Redford gets so excited about the treat that he’ll get when he loads up into the car that sometimes he doesn’t wait for me to open the door before he tries to jump in. He’s so pretty.
This morning, he did just that, and while I was fretting over his noggin, I dropped Violet’s leash. She seized the opportunity to sprint toward the road, which of course made me freak out and run after her. And then I remembered. That’s her game. As long as you chase her, she’ll run. So I turned my attention back to my retarded son. Sure enough, Violet came strolling back up the driveway and jumped in the car.
I was reminded of this kid, Michael, who I had my third year teaching in NY. He was a handsome little guy, always in uniform: navy pants, yellow button-down, navy tie. (Some public schools in NY—mostly low socio-economic schools—opt to be uniform schools.) Smart too. But Michael was a desk-thrower. And he cursed A LOT. He’d have these fits where I’d have to evacuate the rest of the kids from the class and let him wreck the joint. And sometimes he’d get mad and leave the classroom. The first few times I ran after him. I was worried he might hurt somebody or run out in the street and get hit by a bus or something. About the fifth time, I don’t know, the novelty had worn off maybe, and it took me a little longer to follow him. When I got into the hall, he was peeking back through the double doors to make sure I was coming. That’s when I realized, he didn’t want to run away; he wanted to be chased. Dogs and fourth-graders, man.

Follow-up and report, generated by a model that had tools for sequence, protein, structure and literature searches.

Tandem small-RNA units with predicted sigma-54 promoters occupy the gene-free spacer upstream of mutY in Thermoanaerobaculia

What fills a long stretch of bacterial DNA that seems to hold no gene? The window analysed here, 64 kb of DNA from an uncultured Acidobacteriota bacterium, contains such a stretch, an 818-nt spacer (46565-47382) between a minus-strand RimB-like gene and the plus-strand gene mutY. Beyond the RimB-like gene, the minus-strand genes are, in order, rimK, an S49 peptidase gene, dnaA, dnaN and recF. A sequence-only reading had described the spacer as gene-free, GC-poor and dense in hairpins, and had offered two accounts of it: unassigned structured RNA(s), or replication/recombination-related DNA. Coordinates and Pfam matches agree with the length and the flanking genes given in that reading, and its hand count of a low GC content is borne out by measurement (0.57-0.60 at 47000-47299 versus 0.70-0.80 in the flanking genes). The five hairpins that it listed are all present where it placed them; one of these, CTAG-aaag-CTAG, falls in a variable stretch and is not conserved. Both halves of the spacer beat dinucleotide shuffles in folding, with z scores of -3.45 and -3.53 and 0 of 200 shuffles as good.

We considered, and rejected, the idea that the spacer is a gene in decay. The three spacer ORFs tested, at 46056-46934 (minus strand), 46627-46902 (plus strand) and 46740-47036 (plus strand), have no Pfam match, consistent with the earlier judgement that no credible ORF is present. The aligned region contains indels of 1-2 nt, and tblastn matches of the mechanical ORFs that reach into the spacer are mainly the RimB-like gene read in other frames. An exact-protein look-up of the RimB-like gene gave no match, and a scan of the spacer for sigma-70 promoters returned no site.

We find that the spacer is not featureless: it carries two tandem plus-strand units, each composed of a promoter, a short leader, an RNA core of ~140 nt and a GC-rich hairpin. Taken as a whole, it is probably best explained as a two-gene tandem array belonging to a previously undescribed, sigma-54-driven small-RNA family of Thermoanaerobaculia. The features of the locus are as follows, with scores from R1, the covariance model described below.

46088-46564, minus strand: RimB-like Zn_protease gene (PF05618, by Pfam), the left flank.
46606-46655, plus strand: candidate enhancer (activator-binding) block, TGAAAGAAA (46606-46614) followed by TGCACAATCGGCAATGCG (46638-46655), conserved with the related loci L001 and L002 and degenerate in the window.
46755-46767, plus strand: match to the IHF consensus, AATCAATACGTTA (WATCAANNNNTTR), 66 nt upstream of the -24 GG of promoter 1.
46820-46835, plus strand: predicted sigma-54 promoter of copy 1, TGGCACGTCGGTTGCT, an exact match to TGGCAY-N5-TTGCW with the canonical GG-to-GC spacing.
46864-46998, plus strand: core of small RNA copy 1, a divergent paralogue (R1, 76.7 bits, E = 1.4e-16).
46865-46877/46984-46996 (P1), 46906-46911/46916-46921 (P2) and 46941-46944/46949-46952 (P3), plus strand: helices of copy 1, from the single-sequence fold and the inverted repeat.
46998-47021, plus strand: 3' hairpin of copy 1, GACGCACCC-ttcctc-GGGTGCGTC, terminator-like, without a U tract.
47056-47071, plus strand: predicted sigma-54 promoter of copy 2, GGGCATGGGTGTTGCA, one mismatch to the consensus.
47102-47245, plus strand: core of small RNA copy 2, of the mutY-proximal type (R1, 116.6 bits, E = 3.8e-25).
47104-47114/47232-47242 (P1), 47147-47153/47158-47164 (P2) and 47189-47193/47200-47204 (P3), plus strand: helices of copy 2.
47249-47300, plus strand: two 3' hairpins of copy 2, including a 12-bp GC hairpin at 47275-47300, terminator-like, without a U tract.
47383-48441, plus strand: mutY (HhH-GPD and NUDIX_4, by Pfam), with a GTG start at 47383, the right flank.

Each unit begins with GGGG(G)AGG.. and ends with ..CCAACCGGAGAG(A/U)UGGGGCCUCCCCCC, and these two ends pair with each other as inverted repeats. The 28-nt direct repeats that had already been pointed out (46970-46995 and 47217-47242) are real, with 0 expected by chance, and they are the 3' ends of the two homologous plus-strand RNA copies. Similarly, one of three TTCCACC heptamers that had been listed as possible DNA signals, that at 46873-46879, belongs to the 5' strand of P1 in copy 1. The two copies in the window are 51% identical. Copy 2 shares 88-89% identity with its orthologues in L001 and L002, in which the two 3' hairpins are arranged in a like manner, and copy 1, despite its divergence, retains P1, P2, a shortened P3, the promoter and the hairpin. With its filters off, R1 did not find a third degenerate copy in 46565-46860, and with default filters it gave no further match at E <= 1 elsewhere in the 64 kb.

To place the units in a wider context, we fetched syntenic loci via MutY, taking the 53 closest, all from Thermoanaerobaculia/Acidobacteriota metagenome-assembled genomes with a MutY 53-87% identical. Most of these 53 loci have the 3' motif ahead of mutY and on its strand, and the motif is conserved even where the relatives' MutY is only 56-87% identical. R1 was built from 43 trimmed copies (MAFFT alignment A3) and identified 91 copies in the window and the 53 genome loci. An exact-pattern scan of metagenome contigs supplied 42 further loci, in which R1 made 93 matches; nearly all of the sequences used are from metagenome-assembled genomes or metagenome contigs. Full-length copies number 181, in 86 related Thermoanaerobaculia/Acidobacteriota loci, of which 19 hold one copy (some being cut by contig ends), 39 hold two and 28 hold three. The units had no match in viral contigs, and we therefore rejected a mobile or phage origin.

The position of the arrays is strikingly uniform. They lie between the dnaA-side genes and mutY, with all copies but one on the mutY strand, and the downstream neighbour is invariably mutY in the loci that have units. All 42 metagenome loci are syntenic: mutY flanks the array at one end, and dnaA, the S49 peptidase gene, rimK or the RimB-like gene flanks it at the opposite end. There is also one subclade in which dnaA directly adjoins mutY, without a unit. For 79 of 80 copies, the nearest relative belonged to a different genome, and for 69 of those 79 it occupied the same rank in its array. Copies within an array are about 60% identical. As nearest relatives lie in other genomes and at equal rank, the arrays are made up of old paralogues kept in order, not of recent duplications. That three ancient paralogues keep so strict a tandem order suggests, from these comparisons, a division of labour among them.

P.S. I used to talk to Michael’s grandmother every day after school. One Monday, I went out to tell her that he had a GREAT day. I told her, “He was calm and focused. He didn’t curse or have any tantrums. He did all his work.” She said, “Yeah, he started anti-psychotic meds on Saturday.”